Delayed-onset muscle soreness, DOMS, is the soreness and tenderness in your muscles after strenuous exercise. Previously it was believe that lactic acid was the cause, but studies have moved past that theory. Many believe massage is extremely beneficial for post-exercise muscle recovery and helping to prevent DOMS. The only question is if we aren’t positive of the cause, can we know if massage will actually help with DOMS?
To understand DOMS and any relationship with lactic acid, we must understand how lactic acid builds during exercise. Otto Meyerhof, who won the Nobel Prize for Physiology or Medicine in 1922 for his discovery using a frog leg, was the first to establish that lactic acid exposed to oxygen converts to carbohydrate. Nobelprize.org quoted Nobel Lectures, Physiology or Medicine 1922-1941 for Meyerhof’s biography, saying that his discovery was that of a fixed relationship between the consumption of oxygen and the metabolism of lactic acid in the muscle.” This discovery developed and led to the current misconception that lactic acid is actually the cause of DOMS.
In the past, medical professionals believed lactic acid was the cause of DOMS, by suggesting that lack of oxygen creates lactic acid, which leads to fatigue in muscles. Stephen M. Roth, a professor in the department of kinesiology at the University of Maryland, explains. In reality this was only part of the bigger picture.
His article, “Why does lactic acid build up in muscles? And why does it cause soreness?” explains both processes the body can use during exercise to produce energy. The preferred process is aerobic, with oxygen, and another is the anaerobic, glycolysis or from glucose. Glucose, after it has metabolized into pyruvate, can be broken down into energy with oxygen but if oxygen is lacking it will be converted in to lactate. Glycolysis is the process that takes place when oxygen is limited; it creates lactic acid in working muscles. This happens when the body can’t get oxygen to the muscle sufficiently for it to break down glucose to create energy.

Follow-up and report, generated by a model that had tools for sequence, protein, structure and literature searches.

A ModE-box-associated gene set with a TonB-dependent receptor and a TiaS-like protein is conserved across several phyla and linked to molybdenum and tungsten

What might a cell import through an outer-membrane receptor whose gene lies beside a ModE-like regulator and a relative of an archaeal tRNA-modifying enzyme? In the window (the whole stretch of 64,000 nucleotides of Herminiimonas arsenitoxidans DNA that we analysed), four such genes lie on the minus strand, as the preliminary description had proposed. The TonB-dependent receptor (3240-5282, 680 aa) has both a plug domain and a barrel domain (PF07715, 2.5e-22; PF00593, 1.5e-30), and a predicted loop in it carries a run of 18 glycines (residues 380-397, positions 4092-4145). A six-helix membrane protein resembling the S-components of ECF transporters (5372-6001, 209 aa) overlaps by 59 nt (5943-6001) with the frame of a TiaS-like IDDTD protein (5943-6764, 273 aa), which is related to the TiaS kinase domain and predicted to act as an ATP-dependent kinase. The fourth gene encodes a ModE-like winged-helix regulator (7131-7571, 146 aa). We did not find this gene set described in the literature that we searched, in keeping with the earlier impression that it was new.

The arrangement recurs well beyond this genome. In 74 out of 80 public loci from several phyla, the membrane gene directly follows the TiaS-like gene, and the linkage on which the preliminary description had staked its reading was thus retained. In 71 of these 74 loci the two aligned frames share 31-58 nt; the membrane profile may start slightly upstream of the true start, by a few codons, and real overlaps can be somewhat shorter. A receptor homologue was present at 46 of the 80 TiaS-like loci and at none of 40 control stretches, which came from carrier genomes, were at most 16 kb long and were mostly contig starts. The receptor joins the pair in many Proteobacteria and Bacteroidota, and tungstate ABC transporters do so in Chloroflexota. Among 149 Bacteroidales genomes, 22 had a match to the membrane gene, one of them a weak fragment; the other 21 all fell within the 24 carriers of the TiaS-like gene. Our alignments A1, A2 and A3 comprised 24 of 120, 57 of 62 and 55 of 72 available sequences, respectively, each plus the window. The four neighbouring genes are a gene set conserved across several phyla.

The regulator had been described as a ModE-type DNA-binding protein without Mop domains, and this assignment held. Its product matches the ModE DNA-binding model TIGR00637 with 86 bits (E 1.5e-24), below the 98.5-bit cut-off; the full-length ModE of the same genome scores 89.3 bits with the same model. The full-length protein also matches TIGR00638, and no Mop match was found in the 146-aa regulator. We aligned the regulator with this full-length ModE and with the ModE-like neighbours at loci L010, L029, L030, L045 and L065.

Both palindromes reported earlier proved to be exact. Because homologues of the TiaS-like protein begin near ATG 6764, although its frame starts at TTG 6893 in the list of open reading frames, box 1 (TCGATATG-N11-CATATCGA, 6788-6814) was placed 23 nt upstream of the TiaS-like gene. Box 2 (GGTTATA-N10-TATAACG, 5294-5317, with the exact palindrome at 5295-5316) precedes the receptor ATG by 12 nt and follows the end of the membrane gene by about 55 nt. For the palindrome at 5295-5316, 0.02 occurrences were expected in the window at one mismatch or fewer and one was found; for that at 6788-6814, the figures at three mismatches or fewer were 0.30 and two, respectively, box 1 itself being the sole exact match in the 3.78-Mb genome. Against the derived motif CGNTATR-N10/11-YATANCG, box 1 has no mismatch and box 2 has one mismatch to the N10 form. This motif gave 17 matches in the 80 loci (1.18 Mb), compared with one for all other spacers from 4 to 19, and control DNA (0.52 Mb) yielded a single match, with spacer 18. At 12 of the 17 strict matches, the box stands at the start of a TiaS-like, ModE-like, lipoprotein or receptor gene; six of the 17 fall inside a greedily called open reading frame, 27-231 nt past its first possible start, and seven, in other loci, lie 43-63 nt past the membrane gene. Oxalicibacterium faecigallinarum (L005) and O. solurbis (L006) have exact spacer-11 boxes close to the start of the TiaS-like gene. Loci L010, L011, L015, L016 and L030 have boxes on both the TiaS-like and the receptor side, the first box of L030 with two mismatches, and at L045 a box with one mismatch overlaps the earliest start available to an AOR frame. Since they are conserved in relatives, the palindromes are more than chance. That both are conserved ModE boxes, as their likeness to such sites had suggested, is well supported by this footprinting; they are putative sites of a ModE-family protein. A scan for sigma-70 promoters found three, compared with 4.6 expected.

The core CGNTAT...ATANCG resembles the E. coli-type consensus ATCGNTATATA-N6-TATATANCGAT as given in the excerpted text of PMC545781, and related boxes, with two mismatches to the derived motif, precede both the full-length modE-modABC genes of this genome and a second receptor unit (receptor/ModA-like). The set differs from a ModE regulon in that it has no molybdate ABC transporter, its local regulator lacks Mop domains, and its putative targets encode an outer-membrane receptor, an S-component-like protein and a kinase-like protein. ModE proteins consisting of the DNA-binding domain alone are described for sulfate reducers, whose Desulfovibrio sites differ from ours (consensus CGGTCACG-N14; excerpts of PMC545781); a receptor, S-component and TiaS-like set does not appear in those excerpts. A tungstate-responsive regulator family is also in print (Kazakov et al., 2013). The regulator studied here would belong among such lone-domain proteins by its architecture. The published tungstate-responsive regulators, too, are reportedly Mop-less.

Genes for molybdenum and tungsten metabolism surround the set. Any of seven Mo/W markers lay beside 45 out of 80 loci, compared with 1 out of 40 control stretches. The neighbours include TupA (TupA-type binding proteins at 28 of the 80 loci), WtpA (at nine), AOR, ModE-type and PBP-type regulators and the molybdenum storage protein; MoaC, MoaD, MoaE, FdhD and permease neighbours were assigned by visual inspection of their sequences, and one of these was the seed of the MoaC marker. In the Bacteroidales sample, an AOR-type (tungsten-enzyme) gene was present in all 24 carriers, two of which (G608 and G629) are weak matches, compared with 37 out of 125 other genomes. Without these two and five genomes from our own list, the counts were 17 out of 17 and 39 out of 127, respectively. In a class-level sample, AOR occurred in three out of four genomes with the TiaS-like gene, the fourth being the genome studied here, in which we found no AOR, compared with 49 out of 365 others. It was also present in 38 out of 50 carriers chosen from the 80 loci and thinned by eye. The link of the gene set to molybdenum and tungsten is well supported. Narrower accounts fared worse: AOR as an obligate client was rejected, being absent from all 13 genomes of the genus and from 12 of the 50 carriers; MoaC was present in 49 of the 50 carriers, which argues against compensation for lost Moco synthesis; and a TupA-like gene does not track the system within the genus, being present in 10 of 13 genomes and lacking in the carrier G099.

One claim massage professionals have made in the past is that massage promotes muscle blood flow, which in turn flushes out lactic acid that builds up after a hard workout, relieving pain once thought to be DOMS. Since we have discovered that lactic acid is not the cause of DOMS this claim has lost validity amongst athletes and many others.
As we continue to learn more about muscles, we understand now that microscopic tearing has taken the focus off lactic acid as the cause of soreness after strenuous exertion of your muscles. I would like to note that Stephen M. Roth does mention, in the article I quoted above, that the precise cause of DOMS is still unknown by experts.
This background on lactic acid and DOMS will expand on how we relate massage as possible relief for DOMS in part 2 of Lactic Acid, DOMS and Massage: Tidbits of What We Know (Part 2 of 2)